The euro weakened after the IMF pulled out of debt talks with Greece while the dollar clung to modest gains on Friday, having advanced after data showed the U.S. economy was gaining momentum.
Deadlines for Athens to secure a deal to release bailout funds have come and gone in the past two months, with officials scraping together the cash to keep government working and stave off a formal default.
In that time, the euro has held up robustly against the dollar even as analysts projected that an eventual default and Greece's gradual departure from the euro zone can only hurt the single currency in the short run.
It fell 0.2 percent to $1.1240 in early European trade.
"Hard as the market tries to get away from the Greece theme, it keeps coming back onto the the radar," Morgan Stanley head of European FX Strategy in London, Ian Stannard, said.
"There has been some tinkering over the past few weeks to move the deadlines back, but it is going to get harder from now on. It does seem like we are finally getting to crunch time now, some decisions have to be made."
Without a deal, Greece is expected to default on a 1.6 billion euro ($1.8 billion) repayment to the IMF at the end of this month. That could trigger capital controls and possibly push the country out of the euro zone, with unpredictable consequences for the European economy.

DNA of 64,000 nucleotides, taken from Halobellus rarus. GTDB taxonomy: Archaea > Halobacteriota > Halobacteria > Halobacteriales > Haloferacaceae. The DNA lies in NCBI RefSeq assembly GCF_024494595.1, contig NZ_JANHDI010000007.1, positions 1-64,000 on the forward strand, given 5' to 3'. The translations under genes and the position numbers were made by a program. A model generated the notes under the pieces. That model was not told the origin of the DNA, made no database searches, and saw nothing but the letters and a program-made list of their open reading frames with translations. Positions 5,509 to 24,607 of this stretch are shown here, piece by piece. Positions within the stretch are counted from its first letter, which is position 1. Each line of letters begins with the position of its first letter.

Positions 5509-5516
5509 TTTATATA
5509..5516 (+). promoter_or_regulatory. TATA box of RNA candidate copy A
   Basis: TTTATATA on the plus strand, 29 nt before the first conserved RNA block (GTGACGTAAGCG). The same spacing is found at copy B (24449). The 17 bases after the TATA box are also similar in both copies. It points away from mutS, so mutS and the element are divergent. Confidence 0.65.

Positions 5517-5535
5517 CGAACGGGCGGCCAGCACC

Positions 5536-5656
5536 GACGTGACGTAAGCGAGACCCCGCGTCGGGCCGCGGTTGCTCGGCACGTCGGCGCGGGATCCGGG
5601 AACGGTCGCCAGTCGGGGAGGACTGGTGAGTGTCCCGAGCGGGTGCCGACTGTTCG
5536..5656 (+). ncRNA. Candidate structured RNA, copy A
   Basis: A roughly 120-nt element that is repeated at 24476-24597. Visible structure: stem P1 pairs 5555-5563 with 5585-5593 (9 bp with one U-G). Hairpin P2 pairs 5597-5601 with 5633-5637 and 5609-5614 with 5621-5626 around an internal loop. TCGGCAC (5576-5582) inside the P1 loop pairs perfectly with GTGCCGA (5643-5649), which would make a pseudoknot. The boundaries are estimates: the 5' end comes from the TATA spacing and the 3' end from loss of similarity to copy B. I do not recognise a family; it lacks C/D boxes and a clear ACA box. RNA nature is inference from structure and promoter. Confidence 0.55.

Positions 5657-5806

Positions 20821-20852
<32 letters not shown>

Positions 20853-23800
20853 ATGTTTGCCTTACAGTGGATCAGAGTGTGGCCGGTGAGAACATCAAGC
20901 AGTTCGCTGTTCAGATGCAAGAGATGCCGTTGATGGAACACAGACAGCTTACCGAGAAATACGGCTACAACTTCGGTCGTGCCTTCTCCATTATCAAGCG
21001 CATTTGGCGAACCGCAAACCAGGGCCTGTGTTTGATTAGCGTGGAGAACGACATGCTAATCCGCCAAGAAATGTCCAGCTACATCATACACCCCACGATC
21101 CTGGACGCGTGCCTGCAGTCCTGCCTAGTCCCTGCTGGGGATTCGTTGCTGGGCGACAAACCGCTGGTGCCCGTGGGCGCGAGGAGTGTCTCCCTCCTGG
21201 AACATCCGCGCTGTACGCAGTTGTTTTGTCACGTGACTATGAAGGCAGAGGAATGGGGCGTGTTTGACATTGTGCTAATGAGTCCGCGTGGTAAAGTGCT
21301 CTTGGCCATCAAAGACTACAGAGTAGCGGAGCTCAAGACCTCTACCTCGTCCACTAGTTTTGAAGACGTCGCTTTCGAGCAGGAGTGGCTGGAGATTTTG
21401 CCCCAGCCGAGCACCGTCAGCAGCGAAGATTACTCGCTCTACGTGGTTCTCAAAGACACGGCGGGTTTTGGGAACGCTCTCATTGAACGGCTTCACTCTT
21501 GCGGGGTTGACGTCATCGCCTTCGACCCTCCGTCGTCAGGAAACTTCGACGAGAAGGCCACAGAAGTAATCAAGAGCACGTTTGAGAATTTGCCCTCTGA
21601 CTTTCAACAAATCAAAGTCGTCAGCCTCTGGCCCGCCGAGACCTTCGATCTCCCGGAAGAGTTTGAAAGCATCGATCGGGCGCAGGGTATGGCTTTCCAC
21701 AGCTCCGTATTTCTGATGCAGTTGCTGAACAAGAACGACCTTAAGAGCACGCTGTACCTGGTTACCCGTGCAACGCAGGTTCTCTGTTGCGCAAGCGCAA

The dollar index last traded at 95.128, recovering from Wednesday's near one-month low of 94.322.
Dollar bulls took some heart from data on Thursday showing U.S. retail sales rose sharply in May, adding to recent upbeat employment data that suggested the economy was warming up after a chilly start to the year.
If the momentum is sustained, the Federal Reserve might begin to hike interest rates later in the year, a scenario still favoured by many economists.
Yet the dollar's reaction was limited at best, partly held back by a fall in U.S. Treasury yields and caution before the June 16-17 Federal Open Market Committee (FOMC) meeting. Fed funds futures also barely reacted to the data.
"With Q2 having been a difficult quarter for many market participants and the FOMC meeting looming next week, there may be some reluctance to rebuild long positions in the USD or short positions in front-end rates," BNP Paribas analysts wrote in a note to clients.
The greenback bought 123.62 yen, well off this week's trough of 122.46, but also some distance from a 13-year high of 125.86 struck last Friday on robust U.S. non-farm payrolls data.
"The dollar will have a hard time retesting highs before next week's Fed meeting," IG Securities market analyst, Junichi Ishikawa, said.
"Amid an absence of immediate fundamental factors - which the Fed meeting will provide - the pair is trading on technical factors and likely to be stuck in the 122-125 yen range."